The same can be said of Terry County whose irrigation land coverage stood at 98,249-104,419 acres. In terms of percentage changes in irrigated land that occurred. The numbers dropped by -10.77% to -3.82% from 1997-2017 as declines of mostly high double digits -22, -24, -25, -19 to -07 percentage points extended further deep into 6 of 10 counties at Deaf Smith, Floyd, Hale, Lynn, Lubbock, and Parmer. In 1997-2007, more drops in irrigated land remerged in 5 of 10 counties made up of Dawson, Gaines, Floyd, Lamb, and Parmer at -10%, -13, -6%, -3 to -32%. In the following census 2012-2017. Aside from gains of 20, 4 to 8% in a quartet of counties (Dawson, Gaines, Lamb, and Terry) in the opening five years from 1997-2007, half of the counties (Deaf Smith, Floyd, Lynn, Lubbock, and Terry) all made gains of 2,24, 16, 7, and 6% between 2012-2017 (Table 5).

3.2. Impact Assessment

In looking at how the surge in agricultural subsidy disbursement, spurred production among the core crops in farming operations in the 10 counties within the study area. There exists a mix of notable impacts as manifested with some upsides and downsides at various levels pertaining to the pressures from a handful of stressors precipitating fragmentation on the ecozone despite the known economic gains and dollar distribution among beneficiaries in North Texas. This consists of pollution, water depletion, economic and ecological implications.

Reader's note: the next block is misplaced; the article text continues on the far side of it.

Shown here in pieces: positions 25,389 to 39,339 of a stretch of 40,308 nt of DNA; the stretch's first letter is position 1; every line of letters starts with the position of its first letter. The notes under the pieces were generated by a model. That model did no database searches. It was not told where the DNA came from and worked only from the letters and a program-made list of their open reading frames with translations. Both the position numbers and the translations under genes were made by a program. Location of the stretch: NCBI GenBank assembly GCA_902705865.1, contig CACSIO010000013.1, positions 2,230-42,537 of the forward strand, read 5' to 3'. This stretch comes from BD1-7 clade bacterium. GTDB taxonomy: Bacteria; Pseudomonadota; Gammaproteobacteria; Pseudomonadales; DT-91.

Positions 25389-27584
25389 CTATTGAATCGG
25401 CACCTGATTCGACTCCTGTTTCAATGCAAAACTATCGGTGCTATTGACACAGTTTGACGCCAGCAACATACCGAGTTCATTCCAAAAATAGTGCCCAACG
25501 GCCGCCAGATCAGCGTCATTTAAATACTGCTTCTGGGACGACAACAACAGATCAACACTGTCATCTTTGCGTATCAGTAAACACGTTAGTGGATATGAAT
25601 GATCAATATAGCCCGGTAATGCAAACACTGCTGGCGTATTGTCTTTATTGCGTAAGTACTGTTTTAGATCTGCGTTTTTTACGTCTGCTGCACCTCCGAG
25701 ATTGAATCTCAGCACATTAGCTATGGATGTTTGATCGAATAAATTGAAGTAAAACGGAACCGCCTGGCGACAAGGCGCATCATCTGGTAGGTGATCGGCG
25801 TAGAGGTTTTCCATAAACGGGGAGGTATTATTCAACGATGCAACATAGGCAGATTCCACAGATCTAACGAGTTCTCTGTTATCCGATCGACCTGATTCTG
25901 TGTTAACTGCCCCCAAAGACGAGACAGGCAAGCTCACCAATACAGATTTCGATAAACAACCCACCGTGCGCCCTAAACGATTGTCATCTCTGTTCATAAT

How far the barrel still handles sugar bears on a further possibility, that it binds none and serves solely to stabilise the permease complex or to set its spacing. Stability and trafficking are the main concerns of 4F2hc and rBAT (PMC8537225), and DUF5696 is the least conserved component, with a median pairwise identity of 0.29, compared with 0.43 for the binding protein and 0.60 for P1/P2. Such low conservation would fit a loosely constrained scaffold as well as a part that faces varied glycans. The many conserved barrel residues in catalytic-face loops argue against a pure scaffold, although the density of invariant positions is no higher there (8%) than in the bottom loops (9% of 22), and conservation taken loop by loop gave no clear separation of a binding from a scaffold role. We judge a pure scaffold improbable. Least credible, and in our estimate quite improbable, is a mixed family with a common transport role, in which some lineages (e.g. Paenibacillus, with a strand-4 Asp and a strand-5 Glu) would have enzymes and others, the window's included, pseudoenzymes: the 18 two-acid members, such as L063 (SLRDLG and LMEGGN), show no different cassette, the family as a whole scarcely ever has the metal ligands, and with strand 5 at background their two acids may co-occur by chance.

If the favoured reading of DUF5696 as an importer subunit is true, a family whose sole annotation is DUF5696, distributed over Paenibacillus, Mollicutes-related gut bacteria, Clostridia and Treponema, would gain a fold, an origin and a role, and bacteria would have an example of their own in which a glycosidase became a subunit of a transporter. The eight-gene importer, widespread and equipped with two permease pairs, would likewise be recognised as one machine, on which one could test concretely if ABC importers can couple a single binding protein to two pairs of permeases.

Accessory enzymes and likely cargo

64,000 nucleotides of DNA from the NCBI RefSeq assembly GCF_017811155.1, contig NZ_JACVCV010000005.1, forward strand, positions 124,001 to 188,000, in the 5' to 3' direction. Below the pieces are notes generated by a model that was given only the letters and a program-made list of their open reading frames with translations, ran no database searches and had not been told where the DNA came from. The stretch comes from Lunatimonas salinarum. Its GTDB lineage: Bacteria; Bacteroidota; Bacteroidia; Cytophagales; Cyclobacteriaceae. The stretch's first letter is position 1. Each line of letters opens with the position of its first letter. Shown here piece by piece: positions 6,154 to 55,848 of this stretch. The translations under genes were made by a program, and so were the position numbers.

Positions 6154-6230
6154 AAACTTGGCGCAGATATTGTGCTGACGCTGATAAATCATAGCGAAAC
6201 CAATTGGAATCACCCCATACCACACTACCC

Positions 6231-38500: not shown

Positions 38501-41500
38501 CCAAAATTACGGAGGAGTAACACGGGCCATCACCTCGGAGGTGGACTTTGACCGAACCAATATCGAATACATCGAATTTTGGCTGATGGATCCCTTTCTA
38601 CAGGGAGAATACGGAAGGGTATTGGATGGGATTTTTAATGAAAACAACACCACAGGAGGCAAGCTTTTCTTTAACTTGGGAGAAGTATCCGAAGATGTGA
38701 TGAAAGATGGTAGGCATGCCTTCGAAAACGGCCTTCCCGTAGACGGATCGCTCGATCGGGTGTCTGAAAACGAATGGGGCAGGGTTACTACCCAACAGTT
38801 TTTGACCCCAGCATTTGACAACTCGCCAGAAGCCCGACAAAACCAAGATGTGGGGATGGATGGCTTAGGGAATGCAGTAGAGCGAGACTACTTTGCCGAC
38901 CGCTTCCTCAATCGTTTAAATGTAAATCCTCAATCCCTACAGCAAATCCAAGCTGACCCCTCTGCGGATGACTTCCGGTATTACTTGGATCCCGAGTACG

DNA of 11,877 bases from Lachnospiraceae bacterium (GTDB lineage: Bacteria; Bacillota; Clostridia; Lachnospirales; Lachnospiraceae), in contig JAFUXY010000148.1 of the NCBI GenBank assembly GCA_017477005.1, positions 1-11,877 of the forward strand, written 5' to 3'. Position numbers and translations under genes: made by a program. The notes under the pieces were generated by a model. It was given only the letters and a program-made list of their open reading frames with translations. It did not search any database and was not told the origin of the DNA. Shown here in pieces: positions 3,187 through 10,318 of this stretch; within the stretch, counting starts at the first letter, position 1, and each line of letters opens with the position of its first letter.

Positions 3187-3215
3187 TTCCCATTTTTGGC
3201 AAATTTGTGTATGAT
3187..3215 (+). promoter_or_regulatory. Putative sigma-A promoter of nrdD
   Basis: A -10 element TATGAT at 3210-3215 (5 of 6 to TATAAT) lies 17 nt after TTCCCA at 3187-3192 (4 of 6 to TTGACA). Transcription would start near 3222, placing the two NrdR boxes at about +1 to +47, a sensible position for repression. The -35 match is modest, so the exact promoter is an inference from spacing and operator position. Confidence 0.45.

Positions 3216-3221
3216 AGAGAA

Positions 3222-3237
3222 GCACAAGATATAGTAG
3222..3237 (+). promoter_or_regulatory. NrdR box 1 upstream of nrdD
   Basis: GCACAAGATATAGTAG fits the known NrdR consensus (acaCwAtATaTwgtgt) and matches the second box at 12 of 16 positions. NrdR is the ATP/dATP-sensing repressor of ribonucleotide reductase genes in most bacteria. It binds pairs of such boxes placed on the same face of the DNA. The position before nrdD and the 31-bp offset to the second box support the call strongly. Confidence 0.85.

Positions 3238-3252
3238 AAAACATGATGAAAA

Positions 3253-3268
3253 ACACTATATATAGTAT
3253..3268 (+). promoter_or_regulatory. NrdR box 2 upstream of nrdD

3.2.1. Pollutions Risks From Agrochemicals Sprays
Considering the study area’s vast richness in natural areas, biodiversity and adjoining head waters, the risk to the ecosystem seems to have amplified more than ever. Yet the size of land treated with fertilizers and chemicals reached average levels of 2,557,910 acres in the four census periods throughout the region. From the temporal portraits of the nutrient spray over time on lands, see that the operational requirements not only extended to large swaths of fields. But the size of areas that came under nutrient treatment reached a combined total of about 2,544,361-2,688,808 acres in 1997 and 2007. In the ensuing years 2012-2017, additional 2,364,452-2,634,018 acres in North Texas saw further spraying. One striking thing out of the state of nutrient applications touches on the emergent classification patterns among the counties. From the order of rankings in place, Gaines stands out as the number 1 area with an average of 350,220 acres of land treated with fertilizers and chemicals. Just as this is overly above the combined average value of fertilizer and chemical sprayings for the other 8 counties from Dawson to Terry with group average of 251,876 acres in the same periods of 1997 through 2017. Deaf Smith County at 192,685 acres appears to have treated much fewer land areas with chemicals throughout the years (Table 6). In the same vein are the number of farms sprayed with fertilizers and chemicals from 1997-2017 as well (Table 7).